I wondered if maybe the high number just reflected a reality that cooking Western food in China means paying through the nose for imports, so I went back to my cabal of owners. One Shanghainese restaurant confirmed my theory (they have a food cost around 25%, and quality is good); another disproved it (they pay around 40%, and are not stupid). The Western owners? Eh. They don’t want to be paying 36% but see how it can happen. So while Ristorante Italiano would benefit from shaving a couple of percentage points off that figure, they are still mostly normal. (Despite all of this and despite asking the owner directly, I never figured out the mystery of why they charge almost 100 rmb for a simple aglio e olio pasta, made with dried De Cecco pasta -- or many of their other prices.) Onward.
TAX & MISCELLANEOUS
None of these items are as notable as the above two categories, but they do make for a couple Shanghai cocktail party factoids. In addition to business tax, did you know there is also a “river tax”? Ristorante Italiano squeezed 3,420 rmb out of their bank account for it in 2014. Or that Sherpa’s takes a cut not just from the person ordering from their couch but also from the restaurant? The men in orange made 68,106.10 rmb for delivering pizzas and pastas from this place in 2014. Do a little mental math -- how many restaurants on Sherpas? -- you will wish you were Mark Secchia, Lead Sherpa. But these and other little things (pest control, business cards, paper towels, buying new chair coverings, taxis fare for your staff when they finish after the metro closes) are the fixed costs of the restaurant business, and there’s not a (legal) way around that.
This is where things start to diverge for Ristorante Italiano and the truly successful restaurants in Shanghai. Over the course of 2014, Ristorante Italiano took in 6.84 million rmb, or enough to stay in The Peninsula’s Grand Deluxe River Suite (11,100 rmb per night) and have dinner at Ultraviolet (6000 rmb per person) every night of the year. After all the costs, however, they were left with 427,178 rmb, or 6%. Just enough for three nights in The Peninsula’s Presidential Suite. In strict return on investment terms, that’s not much different than if they had just taken that money to China Merchant’s or some other Chinese bank and put it in a simple investment.
Lest that six-figure number seem big to you, think about it this way. There are three investors in Ristorante Italiano, including the owner / manager I keep referring to. That means the 427,178rmb is split three ways: 142,392rmb. Divide by 12 months: a bonus of about 11,700rmb per month. A bonus that the owner / manager will never see. The initial two million rmb investment in the restaurant has to come out of this profit (less depreciation costs, which are factored into the profit and loss sheet, and appear to be about 500,000 rmb over the restaurant’s five-year lease), and only now, after almost four years, has that been paid off. But the lease is only five years, a common term in Shanghai, leaving just one year where the profit might actually go into someone’s pocket. But then! That is just one year left on the lease: come 2016, Ristorante Italiano will either renew the lease but at a higher cost (which means our owner needs to start saving this little bonus to help offset the coming increase in rent) or Ristorante Italiano will move (which means our owner needs to start saving this money to pay for decorating a new restaurant in a new location).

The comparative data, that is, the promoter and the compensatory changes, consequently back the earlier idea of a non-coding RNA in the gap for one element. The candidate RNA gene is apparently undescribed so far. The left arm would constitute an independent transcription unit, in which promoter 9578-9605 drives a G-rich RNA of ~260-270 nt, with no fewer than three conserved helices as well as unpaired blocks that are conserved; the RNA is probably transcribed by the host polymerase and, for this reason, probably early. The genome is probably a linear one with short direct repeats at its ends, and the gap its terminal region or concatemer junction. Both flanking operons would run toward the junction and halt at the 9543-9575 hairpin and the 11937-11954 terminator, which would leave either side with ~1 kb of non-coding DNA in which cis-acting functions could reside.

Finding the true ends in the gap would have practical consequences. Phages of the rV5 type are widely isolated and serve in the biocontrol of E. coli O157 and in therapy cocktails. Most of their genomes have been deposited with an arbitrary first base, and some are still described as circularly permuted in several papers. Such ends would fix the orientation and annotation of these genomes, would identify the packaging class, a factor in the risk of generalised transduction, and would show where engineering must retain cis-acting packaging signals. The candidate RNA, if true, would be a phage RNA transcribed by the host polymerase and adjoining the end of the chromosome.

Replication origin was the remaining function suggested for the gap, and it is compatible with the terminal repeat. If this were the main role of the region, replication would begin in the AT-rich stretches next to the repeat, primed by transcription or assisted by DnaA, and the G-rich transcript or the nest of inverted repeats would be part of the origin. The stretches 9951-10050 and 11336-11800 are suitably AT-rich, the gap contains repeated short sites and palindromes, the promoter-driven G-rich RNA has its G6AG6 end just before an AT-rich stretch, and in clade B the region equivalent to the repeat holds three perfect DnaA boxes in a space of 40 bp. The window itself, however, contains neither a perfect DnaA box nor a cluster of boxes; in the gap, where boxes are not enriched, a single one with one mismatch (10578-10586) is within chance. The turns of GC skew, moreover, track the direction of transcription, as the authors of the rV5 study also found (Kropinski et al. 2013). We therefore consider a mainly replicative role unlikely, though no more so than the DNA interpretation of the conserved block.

THE "THEY USED TO BE BETTER" THEORY
I’ve thought a lot about this situation and it’s led me a working theory for why restaurants seem to get worse over time. (Contrary to the popular thinking that a new restaurant needs time to find their feet and they get better as they age, I find that most Western restaurants in Shanghai are best when they first open -- when the owner is present, enthusiastic, and eager to make a good impression -- and then they go downhill as they slide into autopilot, and my theory starts to kick in. Opening is exciting. The day-to-day grind is not.)
New York and London think that five-year leases are crazy. They operate on 10-year leases at a minimum and in London, sometimes up to 20 or 25 years. The long lease terms allow the owners to make their investment back without unreasonable pressure, stabilize their operations, build a brand, and then profit from their hard work. In Shanghai, the real estate market is young and volatile. Landlords aren’t usually willing to commit their property to a single operator for ten years (who knows what the real estate market is going to look like in ten years?), and their motivations don’t always seem like rational economic decisions. For these and other reasons, five-year lease terms are common in Shanghai.
But think about that from a restaurant owner’s perspective. That means you have five years to get in, decorate, stabilize, pay off your investment and then try to make some money. It’s a highly accelerated schedule and it puts a ton of pressure on the owner to pay their investment off as quick as possible so they can get to the part of the business where they actually make some money. Most owners I spoke to said they try to pay back their investment in the first 18 to 24 months, leaving them 24-36 months to profit.